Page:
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Macedonia: Air Force

Last modified: 2012-10-27 by ivan sache
Keywords: air force | helicopter | sword: winged (yellow) | logistical support | training |
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Presentation of the Air Force

The Military Aviation was established by Presidential Decree on 10 April 1992. In 2005, the Air Brigade was renamed Air Wing. The unit was involved in the Althea peace-keeping operation in Mostar (Bosnia and Herzegovina), July 2006 (medical evacuation, troop transport, border control, air patrol).

Ivan Sache, 6 January 2010


Combat Helicopter Squadron

Flag of the Helicopter Squadron

Colour of the Combat Helicopter Squadron - Image by Ivan Sache, 6 January 2010

The colour of the Combat Helicopter Squadron, as shown graphically on the website of the Ministry of Defense of the Republic of Macedonia, is a light blue flag in proportions 3:4. The badge of the unit is placed in the middle, surmounted by РЕПУБЛИКА МАКЕДОНИЈА ("Republic of Macedonia"), written in yellow capital Cyrillic letters, and surmounting the unit's Latin motto, ACERBUS ET INGENS ("Fierce and Mighty"), written in yellow Latin letters.

The badge of the Combat Helicopter Squadron is a disk with a "Macedonian" background and a grey helicopter shooting two white thunderbolts down to a white aim placed on a grey mountain with a white top. НОЌНИ МОЛЊИ ("Night Thunders"), the nickname of the squadron, is written in white capital Cyrillic letters in the bottom of the scene.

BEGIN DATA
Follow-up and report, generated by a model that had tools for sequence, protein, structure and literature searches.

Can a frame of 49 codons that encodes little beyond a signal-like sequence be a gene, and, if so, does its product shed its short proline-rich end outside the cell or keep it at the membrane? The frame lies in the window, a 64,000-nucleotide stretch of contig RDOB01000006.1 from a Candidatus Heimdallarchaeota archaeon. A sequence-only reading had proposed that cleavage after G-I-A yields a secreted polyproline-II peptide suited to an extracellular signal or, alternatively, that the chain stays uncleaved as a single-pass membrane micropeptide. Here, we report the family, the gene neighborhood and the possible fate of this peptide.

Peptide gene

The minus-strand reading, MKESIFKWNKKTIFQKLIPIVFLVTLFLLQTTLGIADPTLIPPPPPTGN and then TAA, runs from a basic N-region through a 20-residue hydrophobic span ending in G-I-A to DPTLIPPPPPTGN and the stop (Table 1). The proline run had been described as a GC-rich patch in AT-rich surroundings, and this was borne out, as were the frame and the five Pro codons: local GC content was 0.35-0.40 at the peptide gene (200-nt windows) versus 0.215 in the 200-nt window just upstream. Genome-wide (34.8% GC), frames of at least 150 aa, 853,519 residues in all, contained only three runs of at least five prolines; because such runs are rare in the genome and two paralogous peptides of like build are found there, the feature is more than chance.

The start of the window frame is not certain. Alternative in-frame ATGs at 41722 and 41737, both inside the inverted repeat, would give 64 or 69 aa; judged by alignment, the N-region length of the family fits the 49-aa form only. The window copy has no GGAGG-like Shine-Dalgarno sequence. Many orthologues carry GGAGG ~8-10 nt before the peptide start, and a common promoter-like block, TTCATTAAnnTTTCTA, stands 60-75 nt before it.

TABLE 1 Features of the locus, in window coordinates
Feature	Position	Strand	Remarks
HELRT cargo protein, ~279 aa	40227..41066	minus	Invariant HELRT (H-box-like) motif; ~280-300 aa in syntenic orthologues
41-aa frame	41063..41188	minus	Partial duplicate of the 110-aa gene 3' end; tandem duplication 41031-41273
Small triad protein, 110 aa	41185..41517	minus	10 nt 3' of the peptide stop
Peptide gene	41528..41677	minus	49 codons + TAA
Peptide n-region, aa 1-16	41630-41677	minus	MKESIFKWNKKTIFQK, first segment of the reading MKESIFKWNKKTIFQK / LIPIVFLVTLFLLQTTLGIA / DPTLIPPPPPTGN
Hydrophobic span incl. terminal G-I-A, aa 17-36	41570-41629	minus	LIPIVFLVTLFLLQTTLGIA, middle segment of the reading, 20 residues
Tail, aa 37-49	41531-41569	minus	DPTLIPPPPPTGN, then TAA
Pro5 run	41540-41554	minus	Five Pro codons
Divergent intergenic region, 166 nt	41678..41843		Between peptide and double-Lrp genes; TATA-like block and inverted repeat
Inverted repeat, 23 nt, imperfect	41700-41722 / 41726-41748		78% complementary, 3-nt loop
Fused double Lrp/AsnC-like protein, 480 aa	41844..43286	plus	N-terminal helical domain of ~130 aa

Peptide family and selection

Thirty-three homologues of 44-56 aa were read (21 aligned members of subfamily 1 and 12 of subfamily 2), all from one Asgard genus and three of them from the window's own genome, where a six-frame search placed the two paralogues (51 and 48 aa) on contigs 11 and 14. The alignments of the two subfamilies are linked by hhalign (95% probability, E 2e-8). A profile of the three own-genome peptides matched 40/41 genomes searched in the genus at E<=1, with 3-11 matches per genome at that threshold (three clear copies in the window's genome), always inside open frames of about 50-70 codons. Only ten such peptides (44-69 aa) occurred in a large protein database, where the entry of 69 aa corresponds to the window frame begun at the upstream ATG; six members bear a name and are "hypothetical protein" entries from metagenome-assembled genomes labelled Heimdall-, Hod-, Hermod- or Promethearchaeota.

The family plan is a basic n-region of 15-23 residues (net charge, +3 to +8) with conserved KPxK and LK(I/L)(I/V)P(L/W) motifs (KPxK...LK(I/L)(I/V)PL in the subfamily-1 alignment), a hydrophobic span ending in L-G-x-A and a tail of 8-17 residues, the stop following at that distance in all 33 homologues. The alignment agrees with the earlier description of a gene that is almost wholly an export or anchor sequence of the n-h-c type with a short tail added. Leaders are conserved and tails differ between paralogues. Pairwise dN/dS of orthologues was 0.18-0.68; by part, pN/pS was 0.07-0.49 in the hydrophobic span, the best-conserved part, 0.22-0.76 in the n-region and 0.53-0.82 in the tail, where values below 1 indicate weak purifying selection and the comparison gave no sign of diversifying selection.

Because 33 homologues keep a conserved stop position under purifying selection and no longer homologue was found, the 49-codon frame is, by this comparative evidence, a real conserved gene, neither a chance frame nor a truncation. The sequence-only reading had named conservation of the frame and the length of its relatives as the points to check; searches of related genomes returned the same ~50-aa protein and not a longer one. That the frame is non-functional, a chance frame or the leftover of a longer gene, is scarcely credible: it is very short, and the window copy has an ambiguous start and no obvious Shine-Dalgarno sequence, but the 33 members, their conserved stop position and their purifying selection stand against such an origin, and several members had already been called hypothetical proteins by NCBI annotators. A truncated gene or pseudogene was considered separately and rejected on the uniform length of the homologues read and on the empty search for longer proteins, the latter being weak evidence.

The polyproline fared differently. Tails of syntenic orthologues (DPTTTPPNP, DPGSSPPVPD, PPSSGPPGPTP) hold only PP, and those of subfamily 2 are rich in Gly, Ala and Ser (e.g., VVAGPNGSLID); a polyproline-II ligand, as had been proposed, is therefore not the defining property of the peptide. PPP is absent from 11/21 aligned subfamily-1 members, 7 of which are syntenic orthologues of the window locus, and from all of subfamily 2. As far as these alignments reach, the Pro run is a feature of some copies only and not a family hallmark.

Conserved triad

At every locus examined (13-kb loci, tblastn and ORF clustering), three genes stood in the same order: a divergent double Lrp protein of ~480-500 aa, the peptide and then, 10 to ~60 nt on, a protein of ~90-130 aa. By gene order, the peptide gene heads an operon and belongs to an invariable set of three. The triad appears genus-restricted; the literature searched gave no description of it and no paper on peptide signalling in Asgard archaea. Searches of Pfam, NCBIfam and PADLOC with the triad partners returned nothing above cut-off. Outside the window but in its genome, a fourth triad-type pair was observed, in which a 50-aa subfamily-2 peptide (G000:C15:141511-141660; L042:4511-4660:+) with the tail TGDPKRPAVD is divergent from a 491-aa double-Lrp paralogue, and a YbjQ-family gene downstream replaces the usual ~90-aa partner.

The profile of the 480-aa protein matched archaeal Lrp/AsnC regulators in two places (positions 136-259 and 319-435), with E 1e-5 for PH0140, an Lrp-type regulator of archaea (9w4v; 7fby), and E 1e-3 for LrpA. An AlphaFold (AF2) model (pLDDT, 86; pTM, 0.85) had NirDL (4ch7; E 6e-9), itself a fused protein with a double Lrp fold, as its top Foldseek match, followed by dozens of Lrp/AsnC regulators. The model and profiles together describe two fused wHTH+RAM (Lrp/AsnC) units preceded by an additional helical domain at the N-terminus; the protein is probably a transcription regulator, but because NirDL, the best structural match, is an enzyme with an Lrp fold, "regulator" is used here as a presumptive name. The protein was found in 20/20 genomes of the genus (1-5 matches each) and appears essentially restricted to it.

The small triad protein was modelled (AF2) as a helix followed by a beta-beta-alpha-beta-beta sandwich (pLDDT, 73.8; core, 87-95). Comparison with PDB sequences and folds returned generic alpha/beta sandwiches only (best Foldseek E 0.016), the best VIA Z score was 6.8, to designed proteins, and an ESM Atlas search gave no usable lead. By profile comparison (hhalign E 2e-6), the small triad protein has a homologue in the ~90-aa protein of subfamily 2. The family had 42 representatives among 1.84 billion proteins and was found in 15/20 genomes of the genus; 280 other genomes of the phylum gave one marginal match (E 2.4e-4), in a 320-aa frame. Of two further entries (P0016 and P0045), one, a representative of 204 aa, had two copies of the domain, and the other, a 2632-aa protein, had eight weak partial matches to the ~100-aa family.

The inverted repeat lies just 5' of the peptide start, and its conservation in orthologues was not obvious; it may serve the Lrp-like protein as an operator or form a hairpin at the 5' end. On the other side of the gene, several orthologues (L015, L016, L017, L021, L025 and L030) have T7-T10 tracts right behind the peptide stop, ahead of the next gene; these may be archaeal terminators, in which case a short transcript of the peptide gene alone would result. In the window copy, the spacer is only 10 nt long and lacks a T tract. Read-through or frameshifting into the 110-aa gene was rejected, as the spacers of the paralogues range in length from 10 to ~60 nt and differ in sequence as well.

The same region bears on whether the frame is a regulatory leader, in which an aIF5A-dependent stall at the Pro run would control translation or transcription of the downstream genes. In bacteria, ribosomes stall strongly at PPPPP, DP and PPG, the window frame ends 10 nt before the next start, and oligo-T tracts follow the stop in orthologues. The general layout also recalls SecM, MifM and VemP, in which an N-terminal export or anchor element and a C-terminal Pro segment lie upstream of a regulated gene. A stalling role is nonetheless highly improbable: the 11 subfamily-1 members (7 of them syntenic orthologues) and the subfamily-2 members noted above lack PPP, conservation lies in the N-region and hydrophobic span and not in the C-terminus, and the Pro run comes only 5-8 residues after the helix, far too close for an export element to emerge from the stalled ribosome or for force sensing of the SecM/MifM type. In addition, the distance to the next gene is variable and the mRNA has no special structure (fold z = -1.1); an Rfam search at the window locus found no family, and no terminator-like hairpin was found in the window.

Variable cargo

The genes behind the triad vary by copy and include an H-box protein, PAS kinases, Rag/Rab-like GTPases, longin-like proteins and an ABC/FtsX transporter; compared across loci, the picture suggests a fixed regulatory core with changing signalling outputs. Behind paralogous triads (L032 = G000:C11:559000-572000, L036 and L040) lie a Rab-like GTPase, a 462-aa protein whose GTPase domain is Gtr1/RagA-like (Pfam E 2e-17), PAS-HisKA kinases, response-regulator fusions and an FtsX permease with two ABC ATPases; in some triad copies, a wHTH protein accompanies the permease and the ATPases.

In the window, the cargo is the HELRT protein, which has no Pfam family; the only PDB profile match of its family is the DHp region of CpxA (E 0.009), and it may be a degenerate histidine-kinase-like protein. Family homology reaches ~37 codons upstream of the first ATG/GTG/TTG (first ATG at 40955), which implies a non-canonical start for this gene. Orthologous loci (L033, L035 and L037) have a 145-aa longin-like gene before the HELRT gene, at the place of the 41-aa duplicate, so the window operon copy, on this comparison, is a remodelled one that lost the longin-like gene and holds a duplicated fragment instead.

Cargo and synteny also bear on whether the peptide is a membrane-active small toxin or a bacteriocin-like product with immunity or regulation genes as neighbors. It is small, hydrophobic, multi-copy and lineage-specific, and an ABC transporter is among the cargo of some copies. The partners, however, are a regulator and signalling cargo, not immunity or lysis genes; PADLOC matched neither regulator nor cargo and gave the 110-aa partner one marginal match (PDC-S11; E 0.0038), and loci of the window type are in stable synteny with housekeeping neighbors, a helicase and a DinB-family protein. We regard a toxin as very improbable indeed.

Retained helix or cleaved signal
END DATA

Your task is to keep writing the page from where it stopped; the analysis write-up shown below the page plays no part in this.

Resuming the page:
The badge is surrounded by a blue ring charged with the unit's name, БОРБЕН ХЕЛИКОПТЕРСКИ СКВАДРОН, and МАКЕДОНИЈА (Macedonia), written in white capital Cyrillic letters on top and bottom of the ring, respectively, and separated by six white stars on each side.

Valentin Poposki, Željko Heimer & Ivan Sache, 7 January 2010


Squadron for Logistical Support

Flag of the Squadron for Logistical Support

Colour of the Squadron for Logistical Support - Image by Ivan Sache, 6 January 2010

The colour of the Squadron for Logistical Support, as shown graphically on the website of the Ministry of Defense of the Republic of Macedonia, is a light blue flag in proportions 3:5. The badge of the unit is placed in the middle, surmounted by the unit's name, СКВАДРОН ЗА ВОЗДУХОПЛОВНО ТЕХНИЧКО ОБЕЗБЕДУВАЊЕ, written in yellow, shadowed (?), capital Cyrillic letters.

The badge of the Squadron for Logistical Support is a disc outlined in dark blue and divided into three sectors by a blue "Y". The upper sector is red with an helicopter, the lower left sector is yellow with a yellow cogwheel outlined in black and a gray signal curve, the lower right sector is pink-gray with a green helicopter. The disk is flanked by two golden wings.

Valentin Poposki, Željko Heimer & Ivan Sache, 7 January 2010


Training Squadron

Flag of the Training Squadron

Colour of the Training Squadron - Image by Ivan Sache, 7 January 2010

The colour of the Training Squadron, as shown graphically on the website of the Ministry of Defense of the Republic of Macedonia, is a blue flag in proportions 3:5.